After claiming that it would use force if necessary on the second day of Brihanmumbai Municipal Corporation (BMC)’s action plan for Campa Cola compound, the BMC once again adopted a softer approach by requesting the residents to peacefully allow the civic demolition.
After failing to begin the first phase of its plan to raze the 35 illegal floors in the compound on Friday, BMC had decided to forcibly enter the compound on Saturday to disconnect electricity, water and gasline connections.
The residents, barricading the compound, refused entry to the demolition team comprising officials of the BMC, police, Brihanmumbai Electric Supply Transport undertaking and the Mahanagar Gas Limited officials for the second consecutive day.
After BMC failed to enter the compound on Friday, Deputy Municipal Commissioner (Zone II) A Wagralkar had said police support will be enlisted on Saturday. “We may have to use all means necessary on Saturday to ensure we follow our plan of action,” Wagralkar had said. Late on Friday night, BMC had also filed an FIR against the residents for unlawful assembly and obstructing government servants from discharging their duties.
On Saturday, however, Wagralkar said, “We have decided not to use force. We will reason with the people and request them to peacefully follow the Supreme Court orders.” However, the residents persisted with their request for additional time, to which BMC finally relented around 2 pm, saying that it would once again visit the compound Sunday.
Before leaving, however, Wagralkar told the residents, “Both the chief minister and the union urban development minister have said nothing can be done. We are in the process of filing a contempt petition and already have video and photographic footage of those protesting and obstructing us from carrying out our orders. We will identify them in the contempt petition. Please do not use emotions to stop us.”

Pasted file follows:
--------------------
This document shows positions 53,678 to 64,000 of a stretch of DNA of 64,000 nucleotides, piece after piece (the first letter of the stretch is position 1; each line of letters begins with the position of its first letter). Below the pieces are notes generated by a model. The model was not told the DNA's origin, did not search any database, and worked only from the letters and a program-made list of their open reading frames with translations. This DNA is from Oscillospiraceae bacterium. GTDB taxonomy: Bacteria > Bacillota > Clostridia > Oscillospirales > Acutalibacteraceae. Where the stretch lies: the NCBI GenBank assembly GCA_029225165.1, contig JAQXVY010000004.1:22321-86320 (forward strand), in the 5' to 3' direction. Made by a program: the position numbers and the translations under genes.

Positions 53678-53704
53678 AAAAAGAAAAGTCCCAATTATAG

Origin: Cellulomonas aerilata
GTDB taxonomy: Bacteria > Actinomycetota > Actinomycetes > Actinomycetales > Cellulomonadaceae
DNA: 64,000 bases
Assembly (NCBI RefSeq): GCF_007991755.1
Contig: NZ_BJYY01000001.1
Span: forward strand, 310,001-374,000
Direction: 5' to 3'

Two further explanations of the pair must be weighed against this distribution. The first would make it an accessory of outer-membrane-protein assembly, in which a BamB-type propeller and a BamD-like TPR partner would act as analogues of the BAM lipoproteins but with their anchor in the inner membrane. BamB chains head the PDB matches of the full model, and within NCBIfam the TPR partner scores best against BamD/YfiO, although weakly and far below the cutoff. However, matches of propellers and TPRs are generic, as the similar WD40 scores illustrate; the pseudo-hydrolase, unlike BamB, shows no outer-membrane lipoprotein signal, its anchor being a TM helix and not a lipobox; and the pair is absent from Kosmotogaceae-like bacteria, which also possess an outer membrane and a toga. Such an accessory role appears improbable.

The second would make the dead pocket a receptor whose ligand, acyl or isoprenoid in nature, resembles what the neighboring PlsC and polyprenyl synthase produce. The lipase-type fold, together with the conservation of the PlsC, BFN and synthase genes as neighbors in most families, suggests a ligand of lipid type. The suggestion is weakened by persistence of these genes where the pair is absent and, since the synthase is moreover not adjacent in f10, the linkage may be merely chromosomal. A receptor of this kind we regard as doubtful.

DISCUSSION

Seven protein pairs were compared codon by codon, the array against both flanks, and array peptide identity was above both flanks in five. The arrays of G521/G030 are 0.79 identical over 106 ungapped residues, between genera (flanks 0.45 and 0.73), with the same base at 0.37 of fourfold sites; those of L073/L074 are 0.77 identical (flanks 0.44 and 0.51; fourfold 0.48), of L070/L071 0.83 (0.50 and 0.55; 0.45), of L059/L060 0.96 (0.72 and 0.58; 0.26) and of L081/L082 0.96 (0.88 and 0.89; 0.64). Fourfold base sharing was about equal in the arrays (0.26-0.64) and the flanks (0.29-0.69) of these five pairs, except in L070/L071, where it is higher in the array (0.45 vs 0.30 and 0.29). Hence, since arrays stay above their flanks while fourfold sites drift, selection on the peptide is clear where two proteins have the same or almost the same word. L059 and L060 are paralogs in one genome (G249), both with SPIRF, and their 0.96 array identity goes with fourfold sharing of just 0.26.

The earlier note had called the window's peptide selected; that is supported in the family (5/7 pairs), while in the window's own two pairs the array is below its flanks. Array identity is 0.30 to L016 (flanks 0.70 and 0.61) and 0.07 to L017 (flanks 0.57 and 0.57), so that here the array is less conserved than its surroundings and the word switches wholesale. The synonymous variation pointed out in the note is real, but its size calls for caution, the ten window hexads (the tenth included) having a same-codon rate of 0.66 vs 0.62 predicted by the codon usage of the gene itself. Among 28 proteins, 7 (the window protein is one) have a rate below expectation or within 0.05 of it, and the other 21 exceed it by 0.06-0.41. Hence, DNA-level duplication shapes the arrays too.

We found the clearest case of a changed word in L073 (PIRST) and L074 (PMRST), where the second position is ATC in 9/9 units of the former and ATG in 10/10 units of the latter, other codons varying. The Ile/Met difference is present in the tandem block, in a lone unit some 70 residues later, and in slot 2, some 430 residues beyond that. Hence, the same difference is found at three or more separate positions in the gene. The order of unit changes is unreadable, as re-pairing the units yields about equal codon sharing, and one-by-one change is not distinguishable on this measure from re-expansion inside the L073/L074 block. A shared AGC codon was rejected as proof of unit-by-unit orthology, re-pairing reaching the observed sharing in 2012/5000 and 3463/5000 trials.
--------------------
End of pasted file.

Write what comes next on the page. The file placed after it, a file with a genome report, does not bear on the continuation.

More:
Meanwhile, BJP MP Gopal Shetty and Mayor Sunil Prabhu, in a bid to save 90 per cent of the flats from demolition, have been negotiating with Pure Drinks Pvt Ltd, the lessees of the plot, to gain their cooperation in transferring ownership of the plot to the residents. As per the land agreement, BMC is the original owner of the plot and Pure Drinks is its lessee since 1952.
Residents have contended that if the permissible FSI available for the plot is taken into account for regularisation, then only 1,774 square metres of the total construction will have to be demolished that amounts to roughly 22 flats or 10 per cent of the 35 illegal floors.
Previously, BMC had rejected this solution saying that the residents were not original property holders. After the deputy registrar of cooperative societies approved of granting the residents deemed conveyance from the builders, BMC and Pure Drinks challenged it. The matter is currently underway at the Bombay High Court.
“We have spoken to Pure Drinks and they are willing to help. We have had discussions with the mayor and the legal department to see if can be worked out, ” Shetty said. Prabhu said a meeting with the municipal commissioner would be held soon. “We have been researching this as a possible solution for saving some of the flats. After discussing the matter, I will make a formal proposal to civic general body,” added Prabhu.